August 1914, just days before the onset of World War I.
The world was about to plunge into chaos. Though he didn’t know it, the same was in store for Ernest Shackleton.
Setting sail on his ship Endurance, Shackleton led 27 men on the Imperial Trans-Antarctic Expedition.
He had hopes of finally reaching the South Pole.
For Shackleton, this was his third attempt at reaching the tip of the world — both prior attempts failed.
The results of this attempt will be the same, except this expedition would be etched into Shackleton’s memory for the rest of his life.
While the Endurance made its way towards the shores of Antarctica, it became trapped and frozen in the ice.
While the men worked desperately to free the ship, the elements proved too much.
For 10 months, the Endurance drifted through the waters encased in ice – slowly being crushed to pieces the entire time.
Realizing the Endurance was a lost cause, Shackleton ordered his men to retreat to a nearby ice floe with their gear. They dragged some of the small boats from the Endurance with them.
This floe served as home for the next five months.
On April 9, 1916 – 15 months after first becoming stranded at sea –the men were able to escape the ice aboard the small boats they’d dragged along.
They knew that to stay on the floe was to await certain death. Heading out to sea was their only option.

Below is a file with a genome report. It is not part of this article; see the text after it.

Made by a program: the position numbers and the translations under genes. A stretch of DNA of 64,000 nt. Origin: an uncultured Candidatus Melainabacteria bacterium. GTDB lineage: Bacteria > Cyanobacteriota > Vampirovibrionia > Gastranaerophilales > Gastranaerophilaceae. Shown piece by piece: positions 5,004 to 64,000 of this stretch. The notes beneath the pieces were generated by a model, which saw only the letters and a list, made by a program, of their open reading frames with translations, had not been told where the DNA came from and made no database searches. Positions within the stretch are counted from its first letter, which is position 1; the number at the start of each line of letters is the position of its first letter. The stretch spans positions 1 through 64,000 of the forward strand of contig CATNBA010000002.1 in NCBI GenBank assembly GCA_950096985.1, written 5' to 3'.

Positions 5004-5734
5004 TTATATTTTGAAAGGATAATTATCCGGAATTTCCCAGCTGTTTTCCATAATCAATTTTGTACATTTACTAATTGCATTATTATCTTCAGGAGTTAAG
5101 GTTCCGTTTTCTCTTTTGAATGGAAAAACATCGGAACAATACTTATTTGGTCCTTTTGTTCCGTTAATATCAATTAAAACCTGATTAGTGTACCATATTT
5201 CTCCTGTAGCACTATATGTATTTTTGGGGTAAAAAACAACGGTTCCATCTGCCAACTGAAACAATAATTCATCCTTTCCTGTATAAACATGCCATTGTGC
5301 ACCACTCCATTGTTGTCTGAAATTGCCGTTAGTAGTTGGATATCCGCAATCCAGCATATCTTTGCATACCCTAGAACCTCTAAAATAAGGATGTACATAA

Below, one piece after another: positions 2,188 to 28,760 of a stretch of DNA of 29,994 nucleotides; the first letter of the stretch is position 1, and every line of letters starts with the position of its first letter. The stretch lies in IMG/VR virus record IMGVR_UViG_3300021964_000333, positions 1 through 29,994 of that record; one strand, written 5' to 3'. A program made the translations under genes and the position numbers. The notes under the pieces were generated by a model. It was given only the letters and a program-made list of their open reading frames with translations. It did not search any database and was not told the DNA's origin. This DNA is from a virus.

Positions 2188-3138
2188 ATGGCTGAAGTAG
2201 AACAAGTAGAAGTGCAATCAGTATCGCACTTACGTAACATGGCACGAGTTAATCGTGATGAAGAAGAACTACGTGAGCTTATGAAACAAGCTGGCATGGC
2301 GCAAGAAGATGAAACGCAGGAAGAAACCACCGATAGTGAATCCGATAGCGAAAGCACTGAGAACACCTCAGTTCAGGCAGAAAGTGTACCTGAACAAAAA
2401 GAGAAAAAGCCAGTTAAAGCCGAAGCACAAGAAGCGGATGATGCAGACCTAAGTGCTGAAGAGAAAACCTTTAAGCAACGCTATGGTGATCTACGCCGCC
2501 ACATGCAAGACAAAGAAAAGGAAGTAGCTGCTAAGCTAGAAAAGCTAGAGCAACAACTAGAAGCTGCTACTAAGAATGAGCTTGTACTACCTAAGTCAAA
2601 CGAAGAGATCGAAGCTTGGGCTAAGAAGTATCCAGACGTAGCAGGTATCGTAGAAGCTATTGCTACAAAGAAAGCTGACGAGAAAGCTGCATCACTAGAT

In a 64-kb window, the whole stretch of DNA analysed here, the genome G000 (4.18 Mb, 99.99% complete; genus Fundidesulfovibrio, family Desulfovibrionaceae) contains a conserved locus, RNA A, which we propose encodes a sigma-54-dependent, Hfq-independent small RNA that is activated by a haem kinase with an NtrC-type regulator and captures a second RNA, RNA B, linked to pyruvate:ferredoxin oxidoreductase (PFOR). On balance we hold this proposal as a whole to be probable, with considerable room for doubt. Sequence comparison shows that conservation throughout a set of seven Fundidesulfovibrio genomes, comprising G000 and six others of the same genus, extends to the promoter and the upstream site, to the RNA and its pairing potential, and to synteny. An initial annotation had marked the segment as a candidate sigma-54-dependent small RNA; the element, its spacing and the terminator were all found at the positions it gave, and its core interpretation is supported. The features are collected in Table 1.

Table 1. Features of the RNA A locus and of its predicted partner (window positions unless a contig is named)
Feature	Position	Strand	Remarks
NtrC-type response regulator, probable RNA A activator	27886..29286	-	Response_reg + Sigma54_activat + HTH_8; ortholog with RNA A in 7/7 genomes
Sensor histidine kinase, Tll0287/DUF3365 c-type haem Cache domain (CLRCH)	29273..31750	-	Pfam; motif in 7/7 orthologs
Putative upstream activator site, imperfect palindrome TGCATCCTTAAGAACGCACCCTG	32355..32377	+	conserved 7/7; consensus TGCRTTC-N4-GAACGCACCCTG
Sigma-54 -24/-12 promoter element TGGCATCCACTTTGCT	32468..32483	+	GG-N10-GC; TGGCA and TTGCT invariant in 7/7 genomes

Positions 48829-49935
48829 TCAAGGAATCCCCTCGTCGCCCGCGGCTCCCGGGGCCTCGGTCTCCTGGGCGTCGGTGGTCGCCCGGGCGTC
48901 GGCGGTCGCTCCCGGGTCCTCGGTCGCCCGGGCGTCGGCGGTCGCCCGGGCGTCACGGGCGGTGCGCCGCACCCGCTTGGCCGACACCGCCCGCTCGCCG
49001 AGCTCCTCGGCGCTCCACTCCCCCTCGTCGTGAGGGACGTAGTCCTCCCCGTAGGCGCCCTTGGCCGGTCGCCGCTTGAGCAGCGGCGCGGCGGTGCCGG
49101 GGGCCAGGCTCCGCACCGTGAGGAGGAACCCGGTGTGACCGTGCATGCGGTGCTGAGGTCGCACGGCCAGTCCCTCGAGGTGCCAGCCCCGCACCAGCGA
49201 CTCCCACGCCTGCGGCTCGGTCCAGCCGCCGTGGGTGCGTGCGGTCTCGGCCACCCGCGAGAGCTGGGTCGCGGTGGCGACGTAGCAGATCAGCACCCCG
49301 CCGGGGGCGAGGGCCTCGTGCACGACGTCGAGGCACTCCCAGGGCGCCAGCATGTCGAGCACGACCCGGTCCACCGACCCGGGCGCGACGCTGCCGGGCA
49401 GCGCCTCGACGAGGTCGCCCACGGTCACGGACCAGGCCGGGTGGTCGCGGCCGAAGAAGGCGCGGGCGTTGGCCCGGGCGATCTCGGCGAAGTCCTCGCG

To Elephant Island
After three days of misery from saltwater spray and constant cold, the men made land at the barren rock of Elephant Island on the fourth day.
Though this was an improvement over their prior circumstances, Shackleton knew this wasn’t the end.
No one would rescue them. The men were on their own. And for Shackleton, this was not an acceptable outcome.
A distant 680 miles away, a British whaling depot lay on the island of South Georgia.
Aside from the distance, this region was known for “the most tempestuous area of water in the world.” While risky, it was the only hope.
To Sea Once More
And so, Shackleton took five men with him aboard a small whaler vessel named the James Caird, heading to sea once more.
For 17 days, they battled heavy seas. At one point, they were almost swamped by a wave, so large, Shackleton mistakes the bubbling crest for clear skies.
Yet, against all odds and amid a hurricane, they made it to South Georgia.
The only problem? They landed on the wrong side.
Shackleton rightfully deduced that the rough seas prevented circumnavigation of the island.
This meant their only shot was to travel through the heart of the South Georgian interior – rough mountaineering terrain the entire way.
Taking two men with him, Shackleton set off for the depot with no mountaineering equipment.
A Leap of Faith
At one point, atop an ice ridge, they couldn’t see the other side because of the steepness of the incline. Incoming fog was imminent, threatening to leave the men in an even more dangerous situation.
So, Shackleton jumped. The men followed.
Somehow, they made it 300-yards down the mountain alive.
They walked all day and all night until the trio stumbled into the whaling depot the next morning.
A rescue operation followed, and all 27 of Shackleton’s men were saved.
To read more incredible stories from this expedition, I highly recommend reading Shackleton’s account of such in his best-selling book, South.
This is a new style of article for Pew Pew Tactical; if you liked it — let us know in the comments! If you didn’t enjoy it…well phooey. To catch up on previous Pictures from History, click on over to our History Category.